The lure of raw, roasted, fried and stewed oysters drew me, my wife and a friend down to Urbanna, Va. The tiny town along the Virginia coast is home of the annual Urbanna Oyster Festival.
It was a hike down there, but we weren't the only ones making the trip. Urbanna was overrun with tourists and bivalves. At one point, I overheard a girl say, "This is town has 600 people and there are more than that along this street." She was right, the place was packed.
And why not? There was fried, roasted and raw oysters for sale up and down the main drag. The main event -- the oyster shucking competition -- was crowded despite a downpour. Those of us willing to brave the rain to watch the shucking were rewarded with trays of free oysters passed out by local kids.
The free oysters were great, but the crowd was there to see Deborah Pratt (wearing purple) and her sister Clementine Macon (wearing red) go to work. The pair have dominated the women's competition for years. They were even featured on Food Network's Glutton for Punishment teaching Bob Blumer how to open oysters at a competition pace.
The amateurs who opened the competition had six minutes to shuck 12 oysters. Most of them needed most of the time. The pros had six minutes to shuck 24 oysters. Deborah and Clementine needed about four minutes. And although Clementine was faster, Deborah was cleaner, which proved to be the difference in her latest win.
If you haven't shucked oysters before, trust me, 24 oysters in four minutes is damn impressive. I taught myself how to shuck oysters last year when I got to bright idea to serve them as an appetizer for Thanksgiving. I'm an idiot. It is a lot harder than it looks. All the time I've spent sitting at oyster bars watching professionals do it convinced me that I could do it, too. I can, but I'm really slow and I swear a lot more than Deborah and Clementine.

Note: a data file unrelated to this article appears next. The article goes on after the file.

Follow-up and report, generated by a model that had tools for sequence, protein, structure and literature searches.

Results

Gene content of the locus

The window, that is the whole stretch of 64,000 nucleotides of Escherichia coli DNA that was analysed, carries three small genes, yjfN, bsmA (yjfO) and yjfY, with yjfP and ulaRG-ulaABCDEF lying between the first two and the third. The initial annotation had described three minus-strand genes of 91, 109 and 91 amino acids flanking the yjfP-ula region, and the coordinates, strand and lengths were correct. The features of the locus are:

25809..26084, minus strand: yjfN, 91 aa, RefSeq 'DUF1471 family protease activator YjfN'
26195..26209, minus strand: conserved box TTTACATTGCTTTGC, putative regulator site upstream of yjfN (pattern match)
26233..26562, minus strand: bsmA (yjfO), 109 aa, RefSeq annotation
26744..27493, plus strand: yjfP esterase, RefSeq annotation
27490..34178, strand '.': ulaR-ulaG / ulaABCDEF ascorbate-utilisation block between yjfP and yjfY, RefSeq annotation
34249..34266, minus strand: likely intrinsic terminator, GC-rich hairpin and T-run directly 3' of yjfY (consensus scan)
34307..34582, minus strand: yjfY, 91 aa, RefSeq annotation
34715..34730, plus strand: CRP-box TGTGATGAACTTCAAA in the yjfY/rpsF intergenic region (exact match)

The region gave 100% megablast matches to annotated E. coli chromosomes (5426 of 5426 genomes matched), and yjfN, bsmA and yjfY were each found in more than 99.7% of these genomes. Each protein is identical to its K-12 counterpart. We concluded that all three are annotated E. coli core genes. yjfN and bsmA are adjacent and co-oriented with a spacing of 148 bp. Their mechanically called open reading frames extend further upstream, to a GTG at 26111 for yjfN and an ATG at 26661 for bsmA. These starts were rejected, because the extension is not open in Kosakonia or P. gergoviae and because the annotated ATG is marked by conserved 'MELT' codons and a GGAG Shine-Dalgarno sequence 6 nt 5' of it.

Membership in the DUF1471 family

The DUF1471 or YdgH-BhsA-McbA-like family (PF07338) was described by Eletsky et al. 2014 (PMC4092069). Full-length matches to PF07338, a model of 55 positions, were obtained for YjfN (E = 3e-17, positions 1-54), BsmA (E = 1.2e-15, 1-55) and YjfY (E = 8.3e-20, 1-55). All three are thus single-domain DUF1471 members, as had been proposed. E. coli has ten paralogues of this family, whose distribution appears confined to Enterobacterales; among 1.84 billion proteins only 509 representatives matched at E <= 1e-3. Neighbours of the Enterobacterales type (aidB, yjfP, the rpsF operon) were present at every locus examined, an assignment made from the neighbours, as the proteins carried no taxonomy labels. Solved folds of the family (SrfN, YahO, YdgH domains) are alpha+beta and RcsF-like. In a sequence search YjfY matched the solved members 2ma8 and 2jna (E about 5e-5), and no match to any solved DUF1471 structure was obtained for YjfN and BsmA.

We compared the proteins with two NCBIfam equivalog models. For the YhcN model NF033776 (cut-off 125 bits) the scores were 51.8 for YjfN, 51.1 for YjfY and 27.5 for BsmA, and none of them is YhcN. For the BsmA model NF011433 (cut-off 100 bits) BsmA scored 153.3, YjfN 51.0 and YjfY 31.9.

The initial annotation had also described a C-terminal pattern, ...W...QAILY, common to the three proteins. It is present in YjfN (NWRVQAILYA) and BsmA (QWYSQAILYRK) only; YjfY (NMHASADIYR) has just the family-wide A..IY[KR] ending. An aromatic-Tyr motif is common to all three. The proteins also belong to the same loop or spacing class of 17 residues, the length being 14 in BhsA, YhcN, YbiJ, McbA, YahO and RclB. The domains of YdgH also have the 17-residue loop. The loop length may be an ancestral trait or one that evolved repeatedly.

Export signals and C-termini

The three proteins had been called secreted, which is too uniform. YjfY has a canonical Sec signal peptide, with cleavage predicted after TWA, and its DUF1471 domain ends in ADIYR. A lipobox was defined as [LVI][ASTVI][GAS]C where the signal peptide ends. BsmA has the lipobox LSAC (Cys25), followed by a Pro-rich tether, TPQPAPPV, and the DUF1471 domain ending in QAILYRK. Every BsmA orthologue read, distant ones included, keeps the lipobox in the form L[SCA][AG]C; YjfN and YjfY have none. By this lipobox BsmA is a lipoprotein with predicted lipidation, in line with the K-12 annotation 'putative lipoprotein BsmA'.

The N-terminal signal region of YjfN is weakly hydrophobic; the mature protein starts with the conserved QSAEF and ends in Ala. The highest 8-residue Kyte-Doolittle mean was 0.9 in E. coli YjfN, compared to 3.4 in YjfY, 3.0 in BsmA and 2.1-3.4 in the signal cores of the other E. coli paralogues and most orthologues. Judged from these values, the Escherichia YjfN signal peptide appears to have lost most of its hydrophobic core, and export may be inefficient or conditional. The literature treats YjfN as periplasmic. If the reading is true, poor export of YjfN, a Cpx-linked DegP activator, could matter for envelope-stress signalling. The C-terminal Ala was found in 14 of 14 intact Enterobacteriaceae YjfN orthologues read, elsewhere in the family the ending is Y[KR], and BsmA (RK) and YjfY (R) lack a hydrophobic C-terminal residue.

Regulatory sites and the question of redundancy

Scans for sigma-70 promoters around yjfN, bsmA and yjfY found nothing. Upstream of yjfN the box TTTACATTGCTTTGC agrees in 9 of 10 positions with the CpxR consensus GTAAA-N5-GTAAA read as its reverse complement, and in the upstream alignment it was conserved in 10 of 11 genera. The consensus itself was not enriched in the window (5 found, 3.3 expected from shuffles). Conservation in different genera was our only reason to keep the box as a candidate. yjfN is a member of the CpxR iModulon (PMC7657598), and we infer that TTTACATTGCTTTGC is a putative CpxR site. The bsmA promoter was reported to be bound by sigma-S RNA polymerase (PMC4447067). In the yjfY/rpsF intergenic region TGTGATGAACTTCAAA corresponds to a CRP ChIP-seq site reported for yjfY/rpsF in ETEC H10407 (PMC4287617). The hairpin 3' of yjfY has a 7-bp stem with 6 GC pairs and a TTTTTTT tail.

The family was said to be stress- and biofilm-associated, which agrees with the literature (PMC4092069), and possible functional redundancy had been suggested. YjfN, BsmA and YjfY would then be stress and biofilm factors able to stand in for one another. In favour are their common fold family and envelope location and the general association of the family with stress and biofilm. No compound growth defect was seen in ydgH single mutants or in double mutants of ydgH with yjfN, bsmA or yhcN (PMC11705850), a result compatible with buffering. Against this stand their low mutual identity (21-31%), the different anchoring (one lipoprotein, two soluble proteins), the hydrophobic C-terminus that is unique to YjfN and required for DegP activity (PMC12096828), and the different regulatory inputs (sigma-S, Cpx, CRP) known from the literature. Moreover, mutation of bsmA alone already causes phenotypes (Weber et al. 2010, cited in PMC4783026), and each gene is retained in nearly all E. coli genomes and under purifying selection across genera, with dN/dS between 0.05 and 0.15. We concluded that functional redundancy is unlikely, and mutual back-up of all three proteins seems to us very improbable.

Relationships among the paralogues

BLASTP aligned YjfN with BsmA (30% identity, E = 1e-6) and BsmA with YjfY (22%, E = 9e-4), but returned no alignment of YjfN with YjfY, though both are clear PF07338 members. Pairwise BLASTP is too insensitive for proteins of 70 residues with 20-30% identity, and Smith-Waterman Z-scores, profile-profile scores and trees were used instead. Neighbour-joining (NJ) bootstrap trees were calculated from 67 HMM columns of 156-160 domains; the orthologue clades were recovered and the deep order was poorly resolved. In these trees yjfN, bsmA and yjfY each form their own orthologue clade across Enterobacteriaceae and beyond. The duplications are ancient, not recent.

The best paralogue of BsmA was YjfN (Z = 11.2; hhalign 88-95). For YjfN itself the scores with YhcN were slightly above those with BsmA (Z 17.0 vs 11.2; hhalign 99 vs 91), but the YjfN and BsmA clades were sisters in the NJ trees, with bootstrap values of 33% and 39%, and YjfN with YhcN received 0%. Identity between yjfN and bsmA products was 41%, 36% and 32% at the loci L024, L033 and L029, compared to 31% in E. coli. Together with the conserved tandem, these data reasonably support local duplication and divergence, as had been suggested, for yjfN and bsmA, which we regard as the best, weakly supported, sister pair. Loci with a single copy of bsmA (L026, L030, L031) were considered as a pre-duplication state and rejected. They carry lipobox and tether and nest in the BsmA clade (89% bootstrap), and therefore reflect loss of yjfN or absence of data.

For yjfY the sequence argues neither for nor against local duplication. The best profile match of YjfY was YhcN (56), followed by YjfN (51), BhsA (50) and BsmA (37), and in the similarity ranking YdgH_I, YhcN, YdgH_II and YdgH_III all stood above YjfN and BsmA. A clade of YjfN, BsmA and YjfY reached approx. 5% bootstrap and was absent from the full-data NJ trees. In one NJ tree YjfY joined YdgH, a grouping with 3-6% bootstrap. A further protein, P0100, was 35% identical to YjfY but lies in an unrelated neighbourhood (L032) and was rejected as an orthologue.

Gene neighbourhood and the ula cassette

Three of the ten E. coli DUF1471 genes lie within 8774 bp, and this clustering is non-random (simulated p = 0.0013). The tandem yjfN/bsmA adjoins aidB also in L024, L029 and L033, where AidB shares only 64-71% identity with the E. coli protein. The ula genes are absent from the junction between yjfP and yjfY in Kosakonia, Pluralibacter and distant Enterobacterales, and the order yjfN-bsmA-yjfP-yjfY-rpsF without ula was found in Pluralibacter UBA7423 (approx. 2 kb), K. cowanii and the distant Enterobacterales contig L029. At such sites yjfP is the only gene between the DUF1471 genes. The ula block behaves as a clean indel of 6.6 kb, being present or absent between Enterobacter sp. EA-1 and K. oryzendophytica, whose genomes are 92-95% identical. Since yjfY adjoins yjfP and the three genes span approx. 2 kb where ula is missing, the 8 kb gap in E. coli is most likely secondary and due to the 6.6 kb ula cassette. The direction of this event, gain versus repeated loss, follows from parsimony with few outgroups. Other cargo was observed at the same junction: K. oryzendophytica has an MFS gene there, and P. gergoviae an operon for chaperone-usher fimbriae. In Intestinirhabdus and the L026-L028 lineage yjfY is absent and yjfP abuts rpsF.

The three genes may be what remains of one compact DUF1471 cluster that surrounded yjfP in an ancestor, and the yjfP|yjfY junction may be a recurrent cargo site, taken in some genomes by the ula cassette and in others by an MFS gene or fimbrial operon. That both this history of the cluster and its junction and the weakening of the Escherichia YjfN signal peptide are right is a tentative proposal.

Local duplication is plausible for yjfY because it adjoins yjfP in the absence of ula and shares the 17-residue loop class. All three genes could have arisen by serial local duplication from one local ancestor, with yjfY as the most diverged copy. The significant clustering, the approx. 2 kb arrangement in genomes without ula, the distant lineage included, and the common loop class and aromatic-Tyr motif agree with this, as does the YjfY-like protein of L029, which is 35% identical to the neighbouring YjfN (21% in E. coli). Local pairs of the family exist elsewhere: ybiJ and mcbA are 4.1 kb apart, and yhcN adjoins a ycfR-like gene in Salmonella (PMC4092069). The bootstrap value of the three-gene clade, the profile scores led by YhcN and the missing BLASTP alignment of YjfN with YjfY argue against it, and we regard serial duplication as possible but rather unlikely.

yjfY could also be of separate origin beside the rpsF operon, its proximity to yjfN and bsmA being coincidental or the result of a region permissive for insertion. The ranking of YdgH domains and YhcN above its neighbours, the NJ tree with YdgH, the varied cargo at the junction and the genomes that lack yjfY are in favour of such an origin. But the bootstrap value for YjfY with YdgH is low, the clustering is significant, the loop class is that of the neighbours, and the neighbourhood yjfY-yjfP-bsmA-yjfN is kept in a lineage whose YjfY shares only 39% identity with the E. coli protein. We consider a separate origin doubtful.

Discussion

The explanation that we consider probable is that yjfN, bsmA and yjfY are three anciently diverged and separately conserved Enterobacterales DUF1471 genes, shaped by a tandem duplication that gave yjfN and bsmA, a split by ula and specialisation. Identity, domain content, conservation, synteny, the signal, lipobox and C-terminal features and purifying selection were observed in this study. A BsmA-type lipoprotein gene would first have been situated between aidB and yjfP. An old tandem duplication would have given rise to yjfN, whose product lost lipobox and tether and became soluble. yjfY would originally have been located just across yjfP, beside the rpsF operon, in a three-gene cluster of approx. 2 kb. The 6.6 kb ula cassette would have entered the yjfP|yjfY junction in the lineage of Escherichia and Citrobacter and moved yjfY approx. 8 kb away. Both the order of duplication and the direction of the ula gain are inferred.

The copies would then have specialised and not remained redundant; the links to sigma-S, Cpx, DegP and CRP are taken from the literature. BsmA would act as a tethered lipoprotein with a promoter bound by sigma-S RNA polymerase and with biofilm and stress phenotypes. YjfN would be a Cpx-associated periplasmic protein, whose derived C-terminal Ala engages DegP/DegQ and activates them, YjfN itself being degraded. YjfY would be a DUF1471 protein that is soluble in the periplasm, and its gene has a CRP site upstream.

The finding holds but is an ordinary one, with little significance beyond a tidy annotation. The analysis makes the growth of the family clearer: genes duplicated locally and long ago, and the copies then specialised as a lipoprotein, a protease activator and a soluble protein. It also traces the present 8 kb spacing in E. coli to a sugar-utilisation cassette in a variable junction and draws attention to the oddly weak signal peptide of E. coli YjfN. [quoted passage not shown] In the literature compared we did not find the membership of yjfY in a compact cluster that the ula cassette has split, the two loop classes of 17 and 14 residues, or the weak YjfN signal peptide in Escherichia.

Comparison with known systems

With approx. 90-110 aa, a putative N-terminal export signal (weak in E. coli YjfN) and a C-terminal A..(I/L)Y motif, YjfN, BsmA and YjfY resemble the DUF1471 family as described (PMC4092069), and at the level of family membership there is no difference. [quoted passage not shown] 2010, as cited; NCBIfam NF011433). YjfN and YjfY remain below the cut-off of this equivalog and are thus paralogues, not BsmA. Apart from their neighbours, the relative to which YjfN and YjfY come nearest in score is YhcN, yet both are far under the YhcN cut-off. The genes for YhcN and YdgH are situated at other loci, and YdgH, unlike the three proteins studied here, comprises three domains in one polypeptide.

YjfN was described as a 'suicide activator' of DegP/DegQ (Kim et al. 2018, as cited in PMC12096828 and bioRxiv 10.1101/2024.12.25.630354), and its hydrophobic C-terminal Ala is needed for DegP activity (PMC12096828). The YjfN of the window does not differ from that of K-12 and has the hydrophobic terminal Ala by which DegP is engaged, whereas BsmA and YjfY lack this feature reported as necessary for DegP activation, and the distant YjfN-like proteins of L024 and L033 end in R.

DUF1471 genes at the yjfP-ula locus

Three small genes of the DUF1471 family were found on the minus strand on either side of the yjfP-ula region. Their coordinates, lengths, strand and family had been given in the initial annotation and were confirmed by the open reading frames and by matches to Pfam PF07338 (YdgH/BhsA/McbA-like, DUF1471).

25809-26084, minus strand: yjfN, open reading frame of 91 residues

Once the rain let up, we made our way to the food vendors and ate our way through the festival. There was the enormous seafood fritter sandwich (scallops, oysters, shrimp and crab), two dozen raw oysters, one dozen roasted oysters, a dozen fried oysters, half a bottle of White Fences wine, a basket of clam strips, and a couple ham and biscuits (it was a dinner roll, actually. Disappointing).
There was also barbecue. God, I love barbecue. Honestly, the Carolina pork barbecue needed sugar, but it was pretty damn good. The farther away from Carolina I get, the harder it is to find true Carolina barbecue. Beach Bully's barbecue wasn't perfect, but it wasn't bad.
Our day (not the festival) wrapped up watching the Oyster Festival Parade, replete with high school marching bands and an army of Shriners. If you've ever lived in or grew up in a small town, these parades are great. Old men in strange hats and tiny cars, celebrities you've never heard of and badly made floats ridden by local beauty queens. Urbanna also had an oyster mascot waving to the crowd (it worked, somehow).
It was a long drive for cheap oysters, fast shucking and Americana, but it was worth every mile.